Holiday to Northumbria
 We left Marlow at 8.30 am with Tony at the wheel of his immaculate Britannia coach.  Just like St Cuthbert, who was carefully carried cross-country to his final resting place at Durham, we were in safe hands! After a ‘pit-stop’ at Warwick Services, we were soon tucking into shepherd’s pie in the refectory-style restaurant at Renishaw Hall. The Sitwell Family was famous for its hospitality and our visit to their home in Derbyshire, proved no exception. A tour of the house then followed, with an excellent guide who told us about the eccentric family that has lived there for nearly 400 years. We heard about the current owner, Alexandra; her parents, the late Sir Reresby and Penelope, Lady Sitwell, who brought the house into the 20th century; the ‘literary trio‘ of Edith, Osbert and Sacheverell; their coterie of clever friends, like Rex Whistler and John Piper, whose works are on display; and earlier generations.  A walk in the lovely Italianate gardens was long enough for an ice cream in the sunshine, but too short to linger on the lawns, before we continued our journey north. Around 6pm we checked into the comfortable Best Western Gibside Hotel at Whickham, outside Newcastle, where we enjoyed a generous helping of Geordie hospitality. 
Kristian Perry
Friday 29th September: After a good breakfast we were raring to go, despite the rain which was to be expected as we were ‘oop north’. When we arrived at Beamish we were even given a waterproof map! We soon forgot about the weather while we explored the old town. The staff were so enthusiastic and eager to impart their knowledge. The dentist told us about the dentures, which were passed down through the family – hence “she has her mother’s smile”. The printer explained that The Times was the first newspaper to initiate new types of printing – hence “keeping up with The Times”. When we got to Durham the sun was shining and we had a very informative tour around the city by coach and then on foot. One interesting fact we learned was that historically the Mayor had 15 bodyguards. Nowadays,15 Freeman of the City perform that duty. The Angel of the North was not very aesthetically pleasing with its arms looking like rusty bi-plane wings. However, something rather nice happened when a young man proposed and was accepted by his ‘Angel of the North’.
Jean & Rob Stanger
Saturday 30th September: Tom Keating, our guide on board for the day, gave us an informative history of Northumberland as we travelled further up the A1 for our visit to Bamburgh Castle. Interesting facts learned: among the 2000 artefacts in the Castle we saw a Venetian mirror so precious it was given a seat on the plane and in 1781 John Sharp created a pioneering coastguard system from Bamburgh Castle. Proceeding to the tidal Holy Island of Lindisfarne where in 635AD St Aidan founded his monastery. Another factoid: St Cuthbert initiated conservation legislation in the 7th century for Eider ducks. We then returned via Newcastle-upon-Tyne for an intricate and fascinating coach tour of the city centre. One reflection of our day: if your surname happens to be Armstrong, Maxwell, Johnston, Graham, Bell, Scott, Nixon, Kerr, Crozier, or Robson; you may well be descended from Northumberland reiving stock. During the 14th to 17th centuries every family from labourer to peer of the realm went “a-reiving” with no social stigma attached!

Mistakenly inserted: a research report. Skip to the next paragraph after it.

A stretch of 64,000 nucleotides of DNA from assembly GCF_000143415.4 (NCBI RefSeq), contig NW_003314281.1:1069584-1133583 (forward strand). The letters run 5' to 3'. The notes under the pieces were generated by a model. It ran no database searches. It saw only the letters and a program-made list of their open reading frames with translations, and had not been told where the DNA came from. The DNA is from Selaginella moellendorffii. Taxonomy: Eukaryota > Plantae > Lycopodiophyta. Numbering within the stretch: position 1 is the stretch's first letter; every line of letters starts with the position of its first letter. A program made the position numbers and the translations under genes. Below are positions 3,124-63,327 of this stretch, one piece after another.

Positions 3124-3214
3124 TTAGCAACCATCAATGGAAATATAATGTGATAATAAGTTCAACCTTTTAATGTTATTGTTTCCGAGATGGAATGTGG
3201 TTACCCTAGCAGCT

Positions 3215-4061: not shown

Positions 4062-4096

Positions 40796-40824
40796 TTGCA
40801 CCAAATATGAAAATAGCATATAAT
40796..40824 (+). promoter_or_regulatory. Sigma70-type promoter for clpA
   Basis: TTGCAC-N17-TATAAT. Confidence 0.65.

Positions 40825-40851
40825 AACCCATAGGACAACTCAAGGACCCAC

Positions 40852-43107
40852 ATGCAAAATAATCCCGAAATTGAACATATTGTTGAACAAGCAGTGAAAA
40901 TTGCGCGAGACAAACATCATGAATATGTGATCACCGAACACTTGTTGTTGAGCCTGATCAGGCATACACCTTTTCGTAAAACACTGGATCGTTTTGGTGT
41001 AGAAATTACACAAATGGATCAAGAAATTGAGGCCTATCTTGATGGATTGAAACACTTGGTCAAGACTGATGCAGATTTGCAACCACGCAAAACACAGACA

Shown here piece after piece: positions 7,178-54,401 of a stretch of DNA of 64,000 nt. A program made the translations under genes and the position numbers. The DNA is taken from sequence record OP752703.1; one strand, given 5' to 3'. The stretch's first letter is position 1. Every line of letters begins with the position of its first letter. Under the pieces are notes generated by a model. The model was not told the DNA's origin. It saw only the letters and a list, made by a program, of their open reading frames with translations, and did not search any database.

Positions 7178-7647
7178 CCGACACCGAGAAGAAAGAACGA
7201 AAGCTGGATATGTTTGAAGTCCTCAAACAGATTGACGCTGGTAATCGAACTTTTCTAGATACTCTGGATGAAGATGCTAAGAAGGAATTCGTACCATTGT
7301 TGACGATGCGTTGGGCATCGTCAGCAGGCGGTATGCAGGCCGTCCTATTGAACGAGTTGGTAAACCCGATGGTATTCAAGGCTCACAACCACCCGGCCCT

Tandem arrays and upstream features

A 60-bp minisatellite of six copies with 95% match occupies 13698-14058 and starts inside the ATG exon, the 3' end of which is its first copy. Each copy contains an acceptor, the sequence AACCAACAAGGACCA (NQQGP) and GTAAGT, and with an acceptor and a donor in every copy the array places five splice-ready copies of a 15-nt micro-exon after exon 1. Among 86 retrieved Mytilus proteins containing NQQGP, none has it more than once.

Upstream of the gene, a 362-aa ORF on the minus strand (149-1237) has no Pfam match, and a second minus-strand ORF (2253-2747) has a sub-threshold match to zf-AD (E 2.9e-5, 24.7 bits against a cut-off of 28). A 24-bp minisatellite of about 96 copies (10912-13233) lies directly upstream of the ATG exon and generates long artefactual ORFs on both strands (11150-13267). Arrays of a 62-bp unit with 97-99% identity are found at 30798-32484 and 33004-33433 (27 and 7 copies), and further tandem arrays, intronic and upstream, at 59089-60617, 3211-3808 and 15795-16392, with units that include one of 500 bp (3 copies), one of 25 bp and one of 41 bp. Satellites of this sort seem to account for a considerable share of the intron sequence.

Julia & Len Stacey
Sunday 1st October: A damp misty autumnal morning began with us still talking about Newcastle and our discovery that it was not just a football club but an elegant city. Alnwick Castle was our first stop with its stunning gardens and home of the wealthy Duke and Duchess of Northumberland with their 700 years of family residency. The modern Grand Cascade with its timed fountains could easily have graced one of Louis X1V’s minor chateaux. Lofty tunnels and church-like rooms formed out of beech and with small rivulets ran alongside the cascade. The Ornamental formal garden, reached by climbing many steps, was worth the effort. The bamboo labyrinth displayed some gravity-challenging stainless-steel water features. We puzzled as to how curtains of water could fall so beautifully. The scientific explanation left us cold. The Tree House was huge with restaurant and cafe. Looked impossible to maintain. Onto the medieval castle and the State apartments decorated in the 19th century in the Italianate Style. The knowledgeable guide painted a colourful history of the family. We drove over wild moorland to a complete contrast - Wallington Hall (NT). More a house with a family atmosphere and on a much smaller scale than Alnwick. In 1928 Charles and Mary Trevelyan and their 6 children moved into a rundown house, restored it and shared it with friends, family artists and politicians. Charles, head of this unconventional family, did not believe in private ownership of land and considered himself a trustee of Wallington for the community.
Lyn & Dick Rimmer
Monday 2nd October: We left our comfortable and friendly Gibside Hotel for our journey southwards. Despite a motorway holdup and a lorry in a ditch, requiring the coach to take a roundabout route, we drove through Kedleston’s beautifully landscaped parkland to marvel at the spectacular Neo-classical mansion ahead of us. Here, we said our 'goodbyes' and ‘thankyous’ to our careful and capable driver Tony and ‘hello’ to Eric. Kedleston Hall is a spectacular 18th-century mansion with Adams interiors and parkland. The Curzon family lived there from the 12th century, accumulating sculptures, furnishings, paintings and more. Lord Curzon was Viceroy of India and acquired treasure displayed in an Eastern Museum. A wonderful end to a full few days thanks to Alison and Angela.
Edna & John